How to generate a small random number in Kotlin

If you need to generate a small random number in Kotlin, I find that this approach works:

val r = (1..10).shuffled().first()

That code generates a single random number in the range from 1 to 10 (including 1 on the low end and 10 on the high end).

You can use the technique to simulate the rolling of a dice (die):

val r = (1..6).shuffled().first()

Or simulate flipping a coin (0=heads, 1=tails, or vice versa):

val r = (1..2).shuffled().first()

This also works for the coin flip simulation:

How to create a range of characters as a Scala Array

I just noticed this quirk when trying to create an array of characters with the Scala Array.range method:

# works as expected
('a' to 'e').toArray              // Array[Char] = Array(a, b, c, d, e)

# surprise: Array.range always returns Array[Int]
val a = Array.range('a', 'e')     // Array[Int] = Array(97, 98, 99, 100)

I was surprised to see that the Scaladoc for the Array object states that the second example is expected behavior; Array.range always returns an Array[Int]. I suspect this has something to do with a Scala Array being backed by a Java array, but I didn’t dig into the source code to confirm this.

For much more information about arrays, see my Scala Array class examples tutorial.

How to get the current year as an integer in Scala

Scala FAQ: How do I get the current year as an integer (Int value) in Scala?

Solution: Use the Java 8 Year or LocalDate classes, or the older old Java Calendar class. The solutions are shown below.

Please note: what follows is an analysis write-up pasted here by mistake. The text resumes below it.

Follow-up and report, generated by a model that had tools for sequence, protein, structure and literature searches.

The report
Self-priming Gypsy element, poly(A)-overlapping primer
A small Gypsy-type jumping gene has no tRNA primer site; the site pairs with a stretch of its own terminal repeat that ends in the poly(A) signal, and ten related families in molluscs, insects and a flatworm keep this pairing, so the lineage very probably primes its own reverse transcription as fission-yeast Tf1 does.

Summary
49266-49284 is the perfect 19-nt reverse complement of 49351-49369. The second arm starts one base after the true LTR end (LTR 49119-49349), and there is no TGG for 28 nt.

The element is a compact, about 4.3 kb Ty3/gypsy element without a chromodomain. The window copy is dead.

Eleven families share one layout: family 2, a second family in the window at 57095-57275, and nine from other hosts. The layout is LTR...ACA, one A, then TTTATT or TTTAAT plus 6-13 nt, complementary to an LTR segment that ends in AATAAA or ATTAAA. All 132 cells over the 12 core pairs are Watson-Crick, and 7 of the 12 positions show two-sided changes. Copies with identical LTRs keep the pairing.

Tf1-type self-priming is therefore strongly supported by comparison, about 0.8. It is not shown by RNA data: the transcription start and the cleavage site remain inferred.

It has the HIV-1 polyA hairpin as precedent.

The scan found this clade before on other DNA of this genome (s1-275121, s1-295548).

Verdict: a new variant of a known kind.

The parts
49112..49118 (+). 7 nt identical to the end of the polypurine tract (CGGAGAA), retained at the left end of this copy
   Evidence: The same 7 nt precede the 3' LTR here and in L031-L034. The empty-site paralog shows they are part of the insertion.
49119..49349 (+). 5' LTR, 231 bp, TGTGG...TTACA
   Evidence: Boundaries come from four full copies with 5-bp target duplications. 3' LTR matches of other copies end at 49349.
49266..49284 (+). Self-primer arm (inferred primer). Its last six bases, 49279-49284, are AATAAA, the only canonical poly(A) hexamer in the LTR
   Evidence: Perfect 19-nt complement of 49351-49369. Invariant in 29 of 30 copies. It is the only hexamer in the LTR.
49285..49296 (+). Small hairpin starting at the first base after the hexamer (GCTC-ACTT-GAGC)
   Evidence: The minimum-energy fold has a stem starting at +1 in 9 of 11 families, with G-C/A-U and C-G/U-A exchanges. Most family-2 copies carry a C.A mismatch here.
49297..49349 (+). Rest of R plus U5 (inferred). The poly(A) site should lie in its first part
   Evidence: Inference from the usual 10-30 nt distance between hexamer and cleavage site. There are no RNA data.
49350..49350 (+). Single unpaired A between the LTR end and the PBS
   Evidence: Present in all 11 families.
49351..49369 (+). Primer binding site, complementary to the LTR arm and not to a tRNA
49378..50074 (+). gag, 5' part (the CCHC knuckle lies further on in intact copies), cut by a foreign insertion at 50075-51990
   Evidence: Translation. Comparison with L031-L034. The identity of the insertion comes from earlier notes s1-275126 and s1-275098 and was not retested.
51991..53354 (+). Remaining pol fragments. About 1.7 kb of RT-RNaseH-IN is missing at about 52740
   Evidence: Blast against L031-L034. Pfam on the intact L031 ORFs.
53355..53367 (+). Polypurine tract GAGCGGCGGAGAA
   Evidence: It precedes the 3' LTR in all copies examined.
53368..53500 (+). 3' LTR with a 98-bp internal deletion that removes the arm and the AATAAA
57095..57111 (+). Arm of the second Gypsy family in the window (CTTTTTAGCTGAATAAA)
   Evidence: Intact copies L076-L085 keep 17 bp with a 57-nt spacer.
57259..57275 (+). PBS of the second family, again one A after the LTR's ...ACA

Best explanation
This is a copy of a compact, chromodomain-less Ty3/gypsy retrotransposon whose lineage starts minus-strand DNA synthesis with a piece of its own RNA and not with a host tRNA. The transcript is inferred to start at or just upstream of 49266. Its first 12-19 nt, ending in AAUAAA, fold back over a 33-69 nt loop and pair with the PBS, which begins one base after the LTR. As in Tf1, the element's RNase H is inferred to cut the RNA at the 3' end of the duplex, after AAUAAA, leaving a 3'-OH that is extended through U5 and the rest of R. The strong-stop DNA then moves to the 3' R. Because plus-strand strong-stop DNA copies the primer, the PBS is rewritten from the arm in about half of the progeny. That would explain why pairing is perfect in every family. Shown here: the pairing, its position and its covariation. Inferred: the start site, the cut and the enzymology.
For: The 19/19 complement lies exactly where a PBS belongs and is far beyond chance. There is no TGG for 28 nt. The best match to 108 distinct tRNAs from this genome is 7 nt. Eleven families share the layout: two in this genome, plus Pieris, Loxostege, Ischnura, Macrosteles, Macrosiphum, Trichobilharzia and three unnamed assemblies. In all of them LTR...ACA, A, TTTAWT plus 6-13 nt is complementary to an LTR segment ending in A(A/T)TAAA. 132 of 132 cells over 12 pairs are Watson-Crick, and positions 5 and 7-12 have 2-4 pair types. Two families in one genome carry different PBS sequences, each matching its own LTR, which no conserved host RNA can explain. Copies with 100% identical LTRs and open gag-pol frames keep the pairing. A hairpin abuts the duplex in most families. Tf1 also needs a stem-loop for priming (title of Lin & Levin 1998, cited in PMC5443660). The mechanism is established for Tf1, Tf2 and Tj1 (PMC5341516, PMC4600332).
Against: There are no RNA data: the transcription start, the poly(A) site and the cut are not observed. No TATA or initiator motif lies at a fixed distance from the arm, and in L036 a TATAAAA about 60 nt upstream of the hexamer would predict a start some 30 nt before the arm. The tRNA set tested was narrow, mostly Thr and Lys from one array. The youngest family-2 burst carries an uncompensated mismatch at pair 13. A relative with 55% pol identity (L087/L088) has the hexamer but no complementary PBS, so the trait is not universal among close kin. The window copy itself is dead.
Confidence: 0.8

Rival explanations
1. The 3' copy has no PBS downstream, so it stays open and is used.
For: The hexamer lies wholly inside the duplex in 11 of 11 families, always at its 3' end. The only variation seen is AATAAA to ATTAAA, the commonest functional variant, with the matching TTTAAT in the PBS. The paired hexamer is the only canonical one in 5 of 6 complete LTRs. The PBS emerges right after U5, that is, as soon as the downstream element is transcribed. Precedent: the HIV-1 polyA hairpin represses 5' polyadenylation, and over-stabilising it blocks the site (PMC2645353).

How to create a Java or Scala date from a Long value

Scala FAQ: How do I created a Scala Date from a Long value? When I give the Java Date class constructor a Long value it returns a date from 1970.

Solution: You need to multiply the Long value by 1000, and also make sure you pass a Long value into the Date constructor. The Scala REPL shows how this works:

Scala: When the sum of a list is a very large number

As a brief note, I knew that the sum function I wrote in my book on Scala and functional programming would return a wrong value if the sum of the integers in a list was greater than Int.MaxValue, and I was curious how the built-in sum method on lists handled the same problem. It turns out that it works in the same way.

So, if you need to sum a list of integers that may exceed Int.MaxValue, you might need to write a sum function that calculates and returns the sum as a Long. (The same is true for Float and Double.)

Scala for Java devs: Everything in Scala is an object

The new docs website looks great. It’s also a reminder to me that I probably didn’t stress enough in the Scala Cookbook that everything in Scala is an object, including numbers. (Hopefully I made it clear that functions are objects.) This Scala REPL example shows some of the methods that are available on Scala integers (Int type).

How to handle very large numbers in Scala (BigInt, BigDecimal)

This is an excerpt from the Scala Cookbook (partially modified for the internet). This is Recipe 2.6, “Handling Very Large Numbers in Scala.”


You’re writing a Scala application and need to use very large integer or decimal numbers.


Use the Scala BigInt and BigDecimal classes. You can create a BigInt:

Scala: How to parse a number from a String

This is an excerpt from the Scala Cookbook (partially modified for the internet). This is Recipe 2.1, “Parsing a Number from a String.”


You want to convert a String to one of Scala’s numeric types (Byte, Double, Int, Float, Long, Short).

How to populate a Java int array with a range of values

I just learned an easy way to populate/initialize a Java int array with data, such as a range of numbers. The key is to use the rangeClosed method on the Java 8 IntStream class. Here’s an example using the Scala REPL:

scala> val n =, 10).toArray()
n: Array[Int] = Array(0, 1, 2, 3, 4, 5, 6, 7, 8, 9, 10)

I show that in Scala to show the output, and here’s what it looks like with Java: